YP Comment: Ukip lurches toward farce - Power struggle threatens party

Ukip has found itself in turmoil since Nigel Farage stood down as leader. (PA).
Ukip has found itself in turmoil since Nigel Farage stood down as leader. (PA).
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WHAt on earth has happened to Ukip? At a time when the party should be basking in the glow of the Brexit vote and further exploiting the squabbles within a fractured Labour Party, it’s at risk of being torn apart by infighting.

Having fought so hard and for so long to be taken seriously, the party is now descending into pure farce.

First it moved to block prominent figures such as Suzanne Evans, a Farage critic, from standing for the leadership by ruling that only those who had been a member for at least five years could run.

Then favoured successor Steven Woolfe was also barred by the party’s National Executive Committee after submitting his nomination forms 17 minutes late.

Diane James was duly elected, only to stand down 18 days later because she didn’t command the full support of Ukip’s MEPs.

Now Mr Woolfe has been hospitalised following an altercation with Yorkshire MEP Mike Hookem. You simply couldn’t make it up.

It is clear that Nigel Farage’s decision to stand down as leader has created a power vacuum with separate factions wrestling for control.

Members have voiced their belief that a coup is under way led by Evans and fellow ex-Conservatives Neil Hamilton and Douglas Carswell.

It was always going to be difficult to replace Mr Farage, who often seemed to hold the party together by dint of sheer personality alone.

However, having made such inroads into mainstream British politics and garnered such a wealth of populist support, it would be catastrophic for Ukip if it were to allow this damaging instability to continue or, even worse, split into
two, inevitably weaker, parties.

It is important for Britain too that as Theresa May seeks to plot a course out of the European Union, a strong Ukip is on hand to pay close scrutiny to that process and ensure our departure is on the right terms.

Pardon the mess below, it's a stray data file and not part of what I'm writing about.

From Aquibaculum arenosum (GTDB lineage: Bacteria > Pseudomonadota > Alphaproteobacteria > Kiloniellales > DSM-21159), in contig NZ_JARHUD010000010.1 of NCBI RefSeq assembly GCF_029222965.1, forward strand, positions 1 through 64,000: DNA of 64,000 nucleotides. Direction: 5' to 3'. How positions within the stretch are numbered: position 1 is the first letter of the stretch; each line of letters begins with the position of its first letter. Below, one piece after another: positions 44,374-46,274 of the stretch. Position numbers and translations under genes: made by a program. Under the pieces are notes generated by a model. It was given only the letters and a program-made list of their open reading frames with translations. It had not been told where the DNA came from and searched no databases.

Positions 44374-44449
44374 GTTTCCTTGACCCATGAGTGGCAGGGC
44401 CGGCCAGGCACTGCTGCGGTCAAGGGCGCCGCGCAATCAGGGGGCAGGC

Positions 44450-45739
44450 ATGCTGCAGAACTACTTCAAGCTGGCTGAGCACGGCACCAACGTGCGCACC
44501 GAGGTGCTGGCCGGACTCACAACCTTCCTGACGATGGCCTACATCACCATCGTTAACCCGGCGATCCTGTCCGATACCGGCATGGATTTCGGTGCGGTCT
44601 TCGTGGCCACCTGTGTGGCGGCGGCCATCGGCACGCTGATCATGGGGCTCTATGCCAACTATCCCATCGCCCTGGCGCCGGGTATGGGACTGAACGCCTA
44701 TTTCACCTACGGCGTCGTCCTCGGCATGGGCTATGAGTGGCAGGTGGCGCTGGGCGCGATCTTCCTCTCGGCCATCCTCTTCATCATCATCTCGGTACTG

Theresa May’s dilemma

SPEAKING of Brexit, business leaders across the region may have been divided over whether leaving the EU was the right thing to do but there is far greater unity in the call for Theresa May and David Davis to make securing a favourable trade deal with its remaining members a priority.

That was certainly the sense among those representatives of Yorkshire firms who gathered for a business event in Doncaster yesterday.

Of course, a good trade deal will mean different things for different companies. The size and type of business will dictate to a large degree the sort of safeguards that firms will want put in place to ensure they are still able to flourish.

There will already be concerns, however, that reducing immigration appears to be a greater political priority than the key aim of preserving access to the EU’s single market.

Strong hints to this effect – such as the proposal to force companies to name foreign workers – this week sent sterling to a 31-year-low against the dollar.

There was a strong feeling among business leaders who backed Brexit that Brussels red tape was stifling every one of Britain’s businesses, even though the majority do not actually trade with the EU.

For those whose livelihoods depend on selling to its members, however, there is a palpable need for the Government to formulate a ‘Plan B’, given that the EU’s member states remain adamant that access to the single market is inseparably bound up with the acceptance of the principle of freedom of movement for people.

It is this incompatibility between her Government’s two key objectives that Mrs May must resolve before Article 50 is triggered. The future success of Yorkshire businesses depends on it.

Radio’s Woman’s Hour turns 70

LAUNCHED 70 years ago, Radio 4’s Woman’s Hour is rightly regarded as a champion of women’s issues, Barnsley-born presenter Dame Jenni Murray enjoying a devoted following among her listeners.

However, it was not always that way. When the programme first hit the airwaves in 1946 it came with an inbuilt superiority complex and a male presenter.

A doctor’s talk on “How to Be a Happy Woman”, encouraging the letting 
go of “frustration”, particularly incensed housewives who had returned to the grind of looking after family and home after war years spent keeping the wheels of industry turning.

Thankfully, the BBC learnt its lesson and was soon in tune with the evolution of the nation’s womenfolk. It is why Woman’s Hour is now a beloved insitution, with a good many male listeners too.